On Sept. 15 the PNNE formed an administrative commission to address the concerns at LPC. Then, “On Sept. 17th they filed papers with the registry of deeds to cloud the title for the church’s property,” reported Carvill. The Session members interpreted those actions as an attempt to take control of the church. So on Sept. 21, the church’s trustees obtained a restraining order, prohibiting any presbytery personnel from coming on the property. The presbytery appealed that ruling on Sept. 27, but on Oct. 5 the court rejected their request.
So, NWP-EPC group changed the locks in the hope of avoiding more direct confrontation. On Oct. 7, the NWP-EPC congregation worshiped in the sanctuary, and the locked out PC(USA) group worshiped outside under a tree. The following week, they met in a member’s home and the week following met in a community center.
In defense of the congregation’s actions, attorney Michael McCarty, a member of the New Wineskins’ strategy team, wrote in an online blog, “In a perfect world, pre-emptive moves would not be necessary. However, the PC(USA) created its own draconian plan for pre-emptive strikes and property seizures in the Louisville Papers. Suit was filed in anticipation that the PNNE would follow that game-plan.”
Bob Merrill, a member of the presbytery’s administrative commission, responded that Mr. McCarty “can justify his ‘pre-emptive’ actions all he likes. PNNE did not plan to follow any game plan except to be pastoral, caring, and concerned about our sisters and brothers in Christ at LPC. Our plan was to listen and dialogue, which is what our Moderator, Stated Clerk, General Presbyter, the Moderator of their Session, and a number of others, all tried to do. Mr. McCarty convinced the Session of LPC to toss out the BO [Book of Order] and create their own set of rules.”
The congregational debate grew complicated when John Mokkosian rose to speak. A regular attender at LPC since 1985, he is a pastoral counselor and minister member of PNNE, and therefore not a member of the congregation. Upon his request to speak, White, the moderator, would not recognize him, so a motion to allow him to speak generated a half-hour debate before a majority vote granted the freedom to speak. He told the Outlook, “I said to the congregation that my greatest fear is coming true. What the EPC has been intending to do — to take control, allowing only those voices of agreement to speak — is taking place. What I then pledged, as I had put in writing, was that I was willing and ready to be a continuing support to the congregation known as Londonderry Presbyterian Church, PC(USA).”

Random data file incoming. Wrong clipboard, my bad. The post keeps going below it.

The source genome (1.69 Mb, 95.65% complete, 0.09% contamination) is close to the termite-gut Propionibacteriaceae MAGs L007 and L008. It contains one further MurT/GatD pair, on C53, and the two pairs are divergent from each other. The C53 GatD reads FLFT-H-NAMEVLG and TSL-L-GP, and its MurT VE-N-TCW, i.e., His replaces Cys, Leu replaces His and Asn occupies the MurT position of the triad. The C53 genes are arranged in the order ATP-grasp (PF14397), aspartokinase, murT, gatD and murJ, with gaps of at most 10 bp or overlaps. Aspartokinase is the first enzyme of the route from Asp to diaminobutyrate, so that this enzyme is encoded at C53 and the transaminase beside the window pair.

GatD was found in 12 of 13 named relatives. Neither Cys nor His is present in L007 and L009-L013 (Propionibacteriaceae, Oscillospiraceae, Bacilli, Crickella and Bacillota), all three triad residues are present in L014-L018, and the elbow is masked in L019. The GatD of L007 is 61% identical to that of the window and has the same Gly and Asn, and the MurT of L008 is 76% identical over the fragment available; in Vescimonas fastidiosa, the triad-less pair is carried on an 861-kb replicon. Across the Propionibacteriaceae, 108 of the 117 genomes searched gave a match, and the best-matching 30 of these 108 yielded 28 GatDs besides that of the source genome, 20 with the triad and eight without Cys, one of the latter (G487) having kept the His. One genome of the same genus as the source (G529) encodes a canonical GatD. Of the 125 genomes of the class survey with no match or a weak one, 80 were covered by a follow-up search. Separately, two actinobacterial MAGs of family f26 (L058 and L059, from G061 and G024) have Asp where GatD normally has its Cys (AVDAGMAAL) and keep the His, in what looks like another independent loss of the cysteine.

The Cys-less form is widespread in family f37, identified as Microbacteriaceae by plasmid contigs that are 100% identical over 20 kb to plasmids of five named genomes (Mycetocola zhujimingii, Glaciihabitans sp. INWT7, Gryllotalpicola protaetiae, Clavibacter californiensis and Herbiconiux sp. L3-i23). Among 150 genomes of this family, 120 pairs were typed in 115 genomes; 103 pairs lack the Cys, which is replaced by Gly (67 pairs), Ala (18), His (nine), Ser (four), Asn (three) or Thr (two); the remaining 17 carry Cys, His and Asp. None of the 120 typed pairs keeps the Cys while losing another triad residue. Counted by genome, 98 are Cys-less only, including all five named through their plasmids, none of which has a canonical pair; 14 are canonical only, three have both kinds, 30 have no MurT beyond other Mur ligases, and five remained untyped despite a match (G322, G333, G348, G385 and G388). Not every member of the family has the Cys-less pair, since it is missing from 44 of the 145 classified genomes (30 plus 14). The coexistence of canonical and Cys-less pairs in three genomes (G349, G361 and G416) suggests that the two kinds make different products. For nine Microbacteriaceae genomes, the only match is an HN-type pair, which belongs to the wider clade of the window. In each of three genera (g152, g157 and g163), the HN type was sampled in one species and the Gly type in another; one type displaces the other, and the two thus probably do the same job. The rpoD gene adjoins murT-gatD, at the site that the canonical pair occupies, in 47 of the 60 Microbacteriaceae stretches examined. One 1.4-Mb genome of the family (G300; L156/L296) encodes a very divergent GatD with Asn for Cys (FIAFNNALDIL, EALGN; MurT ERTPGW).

Subsequent to the congregational meeting, the PNNE appointed John Mokkosian to serve as temporary supply pastor for the PC(USA) group.
The NWC-EPC group has contracted with David Midwood, director of Vision New England and a minister-member of the Conservative Congregational Christian Conference to serve as their interim pastor.
Carvill expressed his grief, “I’m losing some of my best friends in this, and others are as well.”
Midwood added, “There is no victory on either side. It’s like dividing the baby in half.”